Sustainable travel tips

With vacations just around the corner there is a hustle and bustle of preparations, booking anxiety, and a hunt for the lowest prices. We crave being able to travel, to step outside of national borders, and rediscover what lies beyond the boundaries of our lives. In such a hectic time, we must remember that many attractive offers disregard the environment, nature and human beings. Now more than ever we must think about how to make your travel sustainable.

So the question arises: is it possible to plan for a sustainable and affordable travel?

Certainly in the last decades the tourist industry has radically changed, from mass to global tourism, thanks to the growth of air traffic and the internet; vacations are becoming increasingly standardized and low-cost, and tourism no longer belongs to the elite but to all social classes.

Many amateur travelers have accomplished their bucket list of destinations for a bargain price, being able to explore European capitals, stay in lovely accommodations and admire the wonders that our continent —and others— have to offer. In this Wonderland-ish scenario, something has certainly been overlooked. And that is sustainability.

What, then, is the price of such trips? Our holidays are responsible for 5% of global greenhouse gas emissions, and according to the 2019 Intergovernmental Panel on Climate Change report, aviation has the most significant impact  —producing 2% of carbon emissions. Despite this, our impact does not cease once we arrive at our destination, it continues through the entire duration of our stay, marking each choice, from accommodation, to meals, to sightseeing tours.

Although this problem needs to be solved at its root, with massive intervention by state authorities in terms of control and regulation, private citizens can also contribute to change in a small way by making sustainable lifestyle, and in this case, travel choices.

So we have tried to make it easier for you to plan your sustainable travel by offering a few tips.

Sustainable transport

As shown above, the airplane is the most polluting means of transport, followed by cars, city buses, Flixbus and, finally, high-speed rails; therefore, it is preferable to avoid using them, especially for short distances, and to favor buses or trains. But if you have to fly, we recommend checking with the airlines associated with IATA, the International Air Transport Association, which are committed to carbon offsetting programs to counter emissions.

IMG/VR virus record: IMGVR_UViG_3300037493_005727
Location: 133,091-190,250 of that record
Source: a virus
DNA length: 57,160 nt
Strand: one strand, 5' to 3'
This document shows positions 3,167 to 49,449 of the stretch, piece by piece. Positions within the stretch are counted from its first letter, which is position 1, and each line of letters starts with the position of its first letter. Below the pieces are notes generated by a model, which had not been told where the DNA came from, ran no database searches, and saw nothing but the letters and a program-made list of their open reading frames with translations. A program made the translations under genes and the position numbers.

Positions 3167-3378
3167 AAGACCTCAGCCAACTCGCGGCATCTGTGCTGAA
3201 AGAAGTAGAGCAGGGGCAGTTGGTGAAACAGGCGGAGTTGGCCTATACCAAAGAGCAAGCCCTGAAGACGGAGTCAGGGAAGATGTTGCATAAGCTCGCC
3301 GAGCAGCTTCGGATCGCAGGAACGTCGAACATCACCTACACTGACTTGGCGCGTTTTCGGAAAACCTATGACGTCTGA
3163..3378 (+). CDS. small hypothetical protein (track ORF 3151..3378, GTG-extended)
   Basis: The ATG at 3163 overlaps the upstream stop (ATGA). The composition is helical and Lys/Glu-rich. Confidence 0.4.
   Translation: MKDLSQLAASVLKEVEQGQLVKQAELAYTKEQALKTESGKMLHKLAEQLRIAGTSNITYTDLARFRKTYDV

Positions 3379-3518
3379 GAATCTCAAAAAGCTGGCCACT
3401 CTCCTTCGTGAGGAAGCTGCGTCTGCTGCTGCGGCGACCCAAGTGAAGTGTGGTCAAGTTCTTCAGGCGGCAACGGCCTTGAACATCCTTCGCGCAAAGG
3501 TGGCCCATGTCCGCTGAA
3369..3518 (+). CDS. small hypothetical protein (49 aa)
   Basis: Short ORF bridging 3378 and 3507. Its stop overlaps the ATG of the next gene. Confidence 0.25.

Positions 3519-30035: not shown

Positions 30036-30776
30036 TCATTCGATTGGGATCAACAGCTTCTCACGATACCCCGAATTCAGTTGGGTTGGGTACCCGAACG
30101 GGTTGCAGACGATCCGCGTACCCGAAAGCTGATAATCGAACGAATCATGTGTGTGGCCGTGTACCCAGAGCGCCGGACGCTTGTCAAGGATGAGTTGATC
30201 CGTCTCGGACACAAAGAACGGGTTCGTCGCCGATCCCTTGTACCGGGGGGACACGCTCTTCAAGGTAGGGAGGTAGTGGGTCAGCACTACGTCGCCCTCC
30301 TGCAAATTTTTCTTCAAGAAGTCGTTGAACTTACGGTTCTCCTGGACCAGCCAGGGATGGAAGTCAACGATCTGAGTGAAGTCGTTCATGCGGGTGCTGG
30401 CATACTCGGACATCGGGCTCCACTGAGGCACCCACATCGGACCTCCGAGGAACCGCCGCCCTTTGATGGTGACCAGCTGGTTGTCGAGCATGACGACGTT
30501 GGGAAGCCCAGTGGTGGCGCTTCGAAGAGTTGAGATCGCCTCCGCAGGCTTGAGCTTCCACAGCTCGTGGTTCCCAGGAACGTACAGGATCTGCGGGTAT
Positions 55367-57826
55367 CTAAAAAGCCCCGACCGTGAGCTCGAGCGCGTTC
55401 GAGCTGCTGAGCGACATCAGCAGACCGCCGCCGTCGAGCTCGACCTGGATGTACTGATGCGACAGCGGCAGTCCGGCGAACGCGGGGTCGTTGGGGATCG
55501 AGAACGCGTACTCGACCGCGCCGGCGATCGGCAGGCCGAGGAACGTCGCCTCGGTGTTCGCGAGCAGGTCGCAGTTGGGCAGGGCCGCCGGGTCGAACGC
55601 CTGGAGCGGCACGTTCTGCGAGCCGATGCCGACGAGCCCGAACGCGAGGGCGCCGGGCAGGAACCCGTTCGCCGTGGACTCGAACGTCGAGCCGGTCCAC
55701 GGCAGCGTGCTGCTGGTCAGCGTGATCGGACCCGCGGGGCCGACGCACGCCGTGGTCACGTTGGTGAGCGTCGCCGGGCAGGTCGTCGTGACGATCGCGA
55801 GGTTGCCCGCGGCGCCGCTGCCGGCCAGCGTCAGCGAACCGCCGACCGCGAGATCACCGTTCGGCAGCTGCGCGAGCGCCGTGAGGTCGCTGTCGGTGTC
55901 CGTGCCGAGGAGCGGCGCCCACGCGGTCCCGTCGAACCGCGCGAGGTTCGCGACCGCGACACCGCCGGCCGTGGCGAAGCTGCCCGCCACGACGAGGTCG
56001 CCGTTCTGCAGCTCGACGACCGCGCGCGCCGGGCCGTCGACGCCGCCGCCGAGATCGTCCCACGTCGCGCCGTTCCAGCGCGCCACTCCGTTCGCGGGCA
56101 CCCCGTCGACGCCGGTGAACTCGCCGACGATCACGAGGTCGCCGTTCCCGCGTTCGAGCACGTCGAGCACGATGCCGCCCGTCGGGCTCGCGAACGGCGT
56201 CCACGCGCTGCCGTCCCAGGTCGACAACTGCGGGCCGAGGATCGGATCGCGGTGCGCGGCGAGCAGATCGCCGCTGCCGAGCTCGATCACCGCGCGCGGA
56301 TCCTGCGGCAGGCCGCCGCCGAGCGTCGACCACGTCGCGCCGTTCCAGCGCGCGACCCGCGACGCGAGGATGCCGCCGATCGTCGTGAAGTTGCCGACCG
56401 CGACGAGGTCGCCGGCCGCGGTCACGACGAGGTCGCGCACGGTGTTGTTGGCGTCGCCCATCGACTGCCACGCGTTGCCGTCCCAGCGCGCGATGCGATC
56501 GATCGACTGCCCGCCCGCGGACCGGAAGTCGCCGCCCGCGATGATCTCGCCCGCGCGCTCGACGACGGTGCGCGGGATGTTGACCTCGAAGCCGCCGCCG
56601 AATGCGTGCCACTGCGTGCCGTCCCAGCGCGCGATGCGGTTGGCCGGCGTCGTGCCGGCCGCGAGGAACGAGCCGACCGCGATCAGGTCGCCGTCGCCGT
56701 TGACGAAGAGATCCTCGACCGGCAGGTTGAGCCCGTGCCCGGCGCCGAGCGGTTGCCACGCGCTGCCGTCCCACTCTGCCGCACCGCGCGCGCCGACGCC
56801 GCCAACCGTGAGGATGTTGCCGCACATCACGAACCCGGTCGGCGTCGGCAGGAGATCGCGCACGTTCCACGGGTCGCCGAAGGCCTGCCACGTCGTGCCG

Choose an eco-friendly accommodation

The same goes for the accommodation: it is important to check the sustainability of the building in advance. EcoBnb is a website founded in 2013 by an Italian team that includes 3,000 Bed & Breakfasts and Hotels with a focus on sustainability; Silvia, one of the two founders, was interviewed by lecopost and illustrated some of the sustainability criteria pursued by the platform:

  1. Organic or zero mile food
  2. Bioarchitecture
  3. 100% renewable energy
  4. Solar water heating systems
  5. Organic cleaning products
  6. Separate collection of more than 80% of the waste
  7. Accessible by public transport
  8. Energy efficient light bulbs
  9. Water flow restrictor
  10. Harvesting and reusing rainwater

To join EcoBnb you must meet at least 5 of these criteria. Two other sites you can rely on to plan your stay are BookDifferent which we discussed in detail here, and FairBnb, a cooperative born in 2016 that focuses on bringing together “Fair Hosts” with travelers who want to contribute to a more equal idea of house sharing. FairBnb charges a 15% commission on the reservation, half of which is spent to pay for their activities and the other half to fund local community projects.

sustainable travel and well-being

How to protect the land we visit

The quest for sustainability should not only precede the trip, but also be its leitmotif; we suggest some simple steps to be taken on site in order to enjoy your well-deserved time off without damaging the local environment.

Firstly, remember to always carry a water flask, thus avoiding to buy water bottles and reducing plastic waste.  You can also bring your personal belongings from home: toothbrush, shampoo and conditioner, instead of the disposable ones often offered by hotels. Also think carefully about the type of activities you intend to do, avoiding those that damage natural resources or exploit animals, as discussed here. Finally, pay attention not only to the means of transport you take to reach your destination, but also to those you will use on site; if you can, take public transport or rent a bicycle, if distance allows it.

Ultimately, we must note the magnitude of the impact the pandemic has had on global tourism, leading to an 87% drop in international tourist arrivals this year compared to 2020. However, the pandemic has given the states and the European Union itself the opportunity to rethink tourism in a sustainable way: questions have emerged from the debate and they have led to a plan to be implemented by 2050 in order to preserve Europe’s longstanding and distinguished tourist tradition without invading the land.

We hope to have given you some interesting ideas for planning your sustainable travel!